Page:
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How to erect a wire fence

Updated July 20, 2017

Wire fences have stood the test of time as a good way to keep animals or people either out or in somewhere. Not only do they keep your beloved pets or farm animals confined, but they protect them as well. A well-made fence acts as a constant deterrent to destructive behaviour.

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Installing the fence posts

  1. Run a bottom guideline using baling twine to keep the fence line straight. Space off 2.4 m (8 foot) measurements. Mark the fence-post location with an orange dot using the spray paint. Auger to the desired depth and 1.2 m (4 foot) hole diameter. Repeat this step for all post holes.

  2. Drive a nail in the top of the corner brace to establish the top sight line using baling twine. Establish post height using a premarked tamping stick along with the top sight line. This will identify the hills and valleys along the fence row. You may shorten the distances between posts. If the valley or hill is too great you may need to add another post to help level out your fence line. Recheck to make sure you have the desired height of 2.4 m (8 feet) for each fence post grouping.

  3. Set the post at the checked height always referencing the guideline. Put a little soil in around the pole and tamp firmly. Repeat until the pole is set firmly. Drive a nail into the top of the post and check with the guide line to make sure it is at the desired height. Repeat this step until all posts are firmly set and at the 2.4 m (8 foot) height.

Installing the cross brace and cross pole

  1. Place at one end the cross-brace pole at the base of the first fence post and place the other end on top of the second fence post. Cut the cross-brace pole straight down at the point where it rests upon the second fence post using the chain saw. Once it is cut it will drop down into place.

  2. Screw the upper cross-brace pole to the adjacent second fence post with two screws spaced equidistant using the electric drill. Repeat this with the opposite end of the cross-brace pole.

  3. Place another pole spanning the top of the first and second fence posts. Cut to a snug fit. Notch each end so that it will resist moving out of place. Screw into the first and second posts just as you did the cross-brace pole.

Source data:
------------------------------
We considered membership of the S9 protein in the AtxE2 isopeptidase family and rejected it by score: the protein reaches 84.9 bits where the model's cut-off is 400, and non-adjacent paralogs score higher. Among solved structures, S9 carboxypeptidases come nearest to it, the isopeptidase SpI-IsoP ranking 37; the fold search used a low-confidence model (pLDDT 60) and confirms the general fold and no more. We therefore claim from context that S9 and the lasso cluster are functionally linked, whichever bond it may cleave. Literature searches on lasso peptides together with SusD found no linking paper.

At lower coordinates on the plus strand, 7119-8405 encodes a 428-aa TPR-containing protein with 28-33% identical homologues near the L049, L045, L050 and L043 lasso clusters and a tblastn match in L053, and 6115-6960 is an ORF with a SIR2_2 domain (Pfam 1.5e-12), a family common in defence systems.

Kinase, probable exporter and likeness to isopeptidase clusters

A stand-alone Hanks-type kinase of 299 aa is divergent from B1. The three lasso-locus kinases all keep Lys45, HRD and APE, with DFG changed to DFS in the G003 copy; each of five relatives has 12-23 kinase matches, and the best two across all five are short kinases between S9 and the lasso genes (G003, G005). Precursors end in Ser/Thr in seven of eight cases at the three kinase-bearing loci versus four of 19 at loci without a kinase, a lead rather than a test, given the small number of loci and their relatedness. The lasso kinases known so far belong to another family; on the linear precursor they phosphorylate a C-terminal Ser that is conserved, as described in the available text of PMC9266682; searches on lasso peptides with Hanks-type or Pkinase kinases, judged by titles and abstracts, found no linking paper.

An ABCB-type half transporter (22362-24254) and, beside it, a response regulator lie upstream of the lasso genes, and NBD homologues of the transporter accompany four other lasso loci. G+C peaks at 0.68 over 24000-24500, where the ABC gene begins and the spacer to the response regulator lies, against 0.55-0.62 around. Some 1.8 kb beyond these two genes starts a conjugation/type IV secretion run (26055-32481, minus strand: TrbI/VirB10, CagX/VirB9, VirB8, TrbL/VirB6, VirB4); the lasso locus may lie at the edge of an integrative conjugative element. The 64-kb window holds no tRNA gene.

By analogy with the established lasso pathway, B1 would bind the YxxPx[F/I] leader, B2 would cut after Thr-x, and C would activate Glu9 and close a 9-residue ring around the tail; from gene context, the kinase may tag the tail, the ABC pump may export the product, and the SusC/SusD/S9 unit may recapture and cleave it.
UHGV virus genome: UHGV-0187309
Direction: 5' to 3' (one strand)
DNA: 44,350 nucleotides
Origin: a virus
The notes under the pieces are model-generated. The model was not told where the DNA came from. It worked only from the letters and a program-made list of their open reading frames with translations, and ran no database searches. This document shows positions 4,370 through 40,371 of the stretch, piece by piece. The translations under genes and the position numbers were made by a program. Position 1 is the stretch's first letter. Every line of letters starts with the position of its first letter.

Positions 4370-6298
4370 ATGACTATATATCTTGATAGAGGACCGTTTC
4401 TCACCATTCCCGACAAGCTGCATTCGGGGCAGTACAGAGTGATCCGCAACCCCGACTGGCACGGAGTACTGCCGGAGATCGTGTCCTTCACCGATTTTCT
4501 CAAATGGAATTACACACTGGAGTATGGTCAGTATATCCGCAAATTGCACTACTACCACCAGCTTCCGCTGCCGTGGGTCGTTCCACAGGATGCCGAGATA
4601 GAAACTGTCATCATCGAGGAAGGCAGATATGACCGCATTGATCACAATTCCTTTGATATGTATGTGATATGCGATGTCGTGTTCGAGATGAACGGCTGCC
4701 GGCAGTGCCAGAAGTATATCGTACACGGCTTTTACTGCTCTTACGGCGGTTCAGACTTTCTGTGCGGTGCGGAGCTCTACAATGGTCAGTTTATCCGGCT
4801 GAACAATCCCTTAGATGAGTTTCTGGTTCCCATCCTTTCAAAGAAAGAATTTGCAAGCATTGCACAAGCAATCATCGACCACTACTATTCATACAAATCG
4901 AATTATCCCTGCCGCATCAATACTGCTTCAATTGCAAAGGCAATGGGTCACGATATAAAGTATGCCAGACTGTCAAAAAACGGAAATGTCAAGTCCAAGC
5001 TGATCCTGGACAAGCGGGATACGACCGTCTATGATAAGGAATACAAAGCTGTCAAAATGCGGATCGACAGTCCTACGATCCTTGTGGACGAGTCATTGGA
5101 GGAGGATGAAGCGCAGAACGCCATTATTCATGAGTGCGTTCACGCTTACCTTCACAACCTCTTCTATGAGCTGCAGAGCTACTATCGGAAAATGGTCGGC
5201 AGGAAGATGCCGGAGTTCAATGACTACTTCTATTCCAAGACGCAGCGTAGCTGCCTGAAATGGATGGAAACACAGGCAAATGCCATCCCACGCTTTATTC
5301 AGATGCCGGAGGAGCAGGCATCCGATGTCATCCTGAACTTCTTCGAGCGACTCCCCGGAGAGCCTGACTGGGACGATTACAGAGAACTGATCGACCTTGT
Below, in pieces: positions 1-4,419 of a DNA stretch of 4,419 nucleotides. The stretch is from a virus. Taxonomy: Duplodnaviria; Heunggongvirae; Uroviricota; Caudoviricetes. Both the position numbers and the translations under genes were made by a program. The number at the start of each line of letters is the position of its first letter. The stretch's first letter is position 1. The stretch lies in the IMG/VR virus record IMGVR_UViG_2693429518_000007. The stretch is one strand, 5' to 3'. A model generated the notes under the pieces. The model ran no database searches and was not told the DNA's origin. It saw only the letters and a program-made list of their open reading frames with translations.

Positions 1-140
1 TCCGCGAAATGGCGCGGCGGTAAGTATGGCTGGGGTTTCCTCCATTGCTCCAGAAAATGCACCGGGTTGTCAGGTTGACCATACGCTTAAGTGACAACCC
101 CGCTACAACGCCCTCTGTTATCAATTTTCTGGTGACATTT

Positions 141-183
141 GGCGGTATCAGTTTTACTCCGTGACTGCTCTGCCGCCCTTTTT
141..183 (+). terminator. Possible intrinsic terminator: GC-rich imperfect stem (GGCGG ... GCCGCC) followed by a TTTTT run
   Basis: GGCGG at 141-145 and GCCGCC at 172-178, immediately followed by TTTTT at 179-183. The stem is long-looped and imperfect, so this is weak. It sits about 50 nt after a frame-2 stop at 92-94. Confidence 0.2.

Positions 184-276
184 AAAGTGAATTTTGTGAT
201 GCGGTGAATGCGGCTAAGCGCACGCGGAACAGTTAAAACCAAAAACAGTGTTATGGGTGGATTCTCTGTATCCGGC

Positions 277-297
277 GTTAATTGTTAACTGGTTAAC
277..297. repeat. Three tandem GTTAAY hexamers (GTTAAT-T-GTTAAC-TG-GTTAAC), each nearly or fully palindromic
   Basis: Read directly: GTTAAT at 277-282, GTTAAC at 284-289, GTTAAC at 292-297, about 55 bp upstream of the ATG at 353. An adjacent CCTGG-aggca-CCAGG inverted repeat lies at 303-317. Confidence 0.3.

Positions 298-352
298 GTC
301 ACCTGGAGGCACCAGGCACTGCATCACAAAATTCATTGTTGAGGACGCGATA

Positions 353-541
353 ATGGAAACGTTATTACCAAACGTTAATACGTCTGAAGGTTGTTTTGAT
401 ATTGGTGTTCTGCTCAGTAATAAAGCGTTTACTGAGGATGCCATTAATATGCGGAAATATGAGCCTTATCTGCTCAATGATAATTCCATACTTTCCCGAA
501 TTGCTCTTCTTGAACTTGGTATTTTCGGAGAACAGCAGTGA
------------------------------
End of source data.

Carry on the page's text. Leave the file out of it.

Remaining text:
Attaching page wire fence

  1. Lay the page wire on the ground. Note the space between the end rungs and make the widest end rungs the top of the fence. Unroll the page wire the entire length of the fence. Cut straight down in the middle of the rungs when you get to the end of the fence. Bring the open wire ends back over onto itself to strengthen the page wire fencing.

  2. Weave a pipe through the end of the fence. Chain this pipe to a small tractor. Pull the fencing slowly until it is taut. It should now stand straight up. This will take the slack out of the page wire fencing helping to keep the tension on the fence.

  3. Tack up the page wire fencing by driving a double-barbed staple over each rang into a fence post using the large hammer. Repeat until you have the page wire fencing stapled into each fence post and cross poles.

  4. Tip

    Put only small amounts of soil in the post holes. Putting in a lot of soil around the post may cause the post to not set firmly in the hole.


    Slowly pull with the tractor and just until the fencing is taut. If you pull too fast and too far you may put too much tension on the fence, thereby pulling the end posts out of the ground.

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Things You'll Need

  • Round fence posts, 2.55 m by 10 cm (8 1/2 foot by 4 inch) diameter
  • Round fence pole, 3.45 m by 10 cm (11 1/2 foot by 4 inch) diameter
  • Long screws
  • Double-barbed staples, 5 cm by 6 mm (2 inches by 1/4 inch)
  • Electric drill
  • Small tractor
  • Page wire fencing, 8 wire 20 rod
  • Chainsaw
  • Level
  • Baling twine
  • 4 tamping sticks, 21.2 cm (8 1/2 inches)
  • Gas auger
  • Large hammer
  • Spade shovel
  • Axe
  • Nails, 2.5 cm by 6 mm (1 inch by 1/4 inch)
  • Fencing wire

About the Author

Based in Rockford, Ill., Catherine Sutton started writing software reviews in 2006 and blog posts in 2008. She received the Rockford Area Gardeners of America Bronze Award in 2009. She holds an M.S. in agronomy-crop production from University of Wisconsin-Madison. She also received an A.A. degree to become a personal technical specialist and another A.A. degree in computers and information systems.

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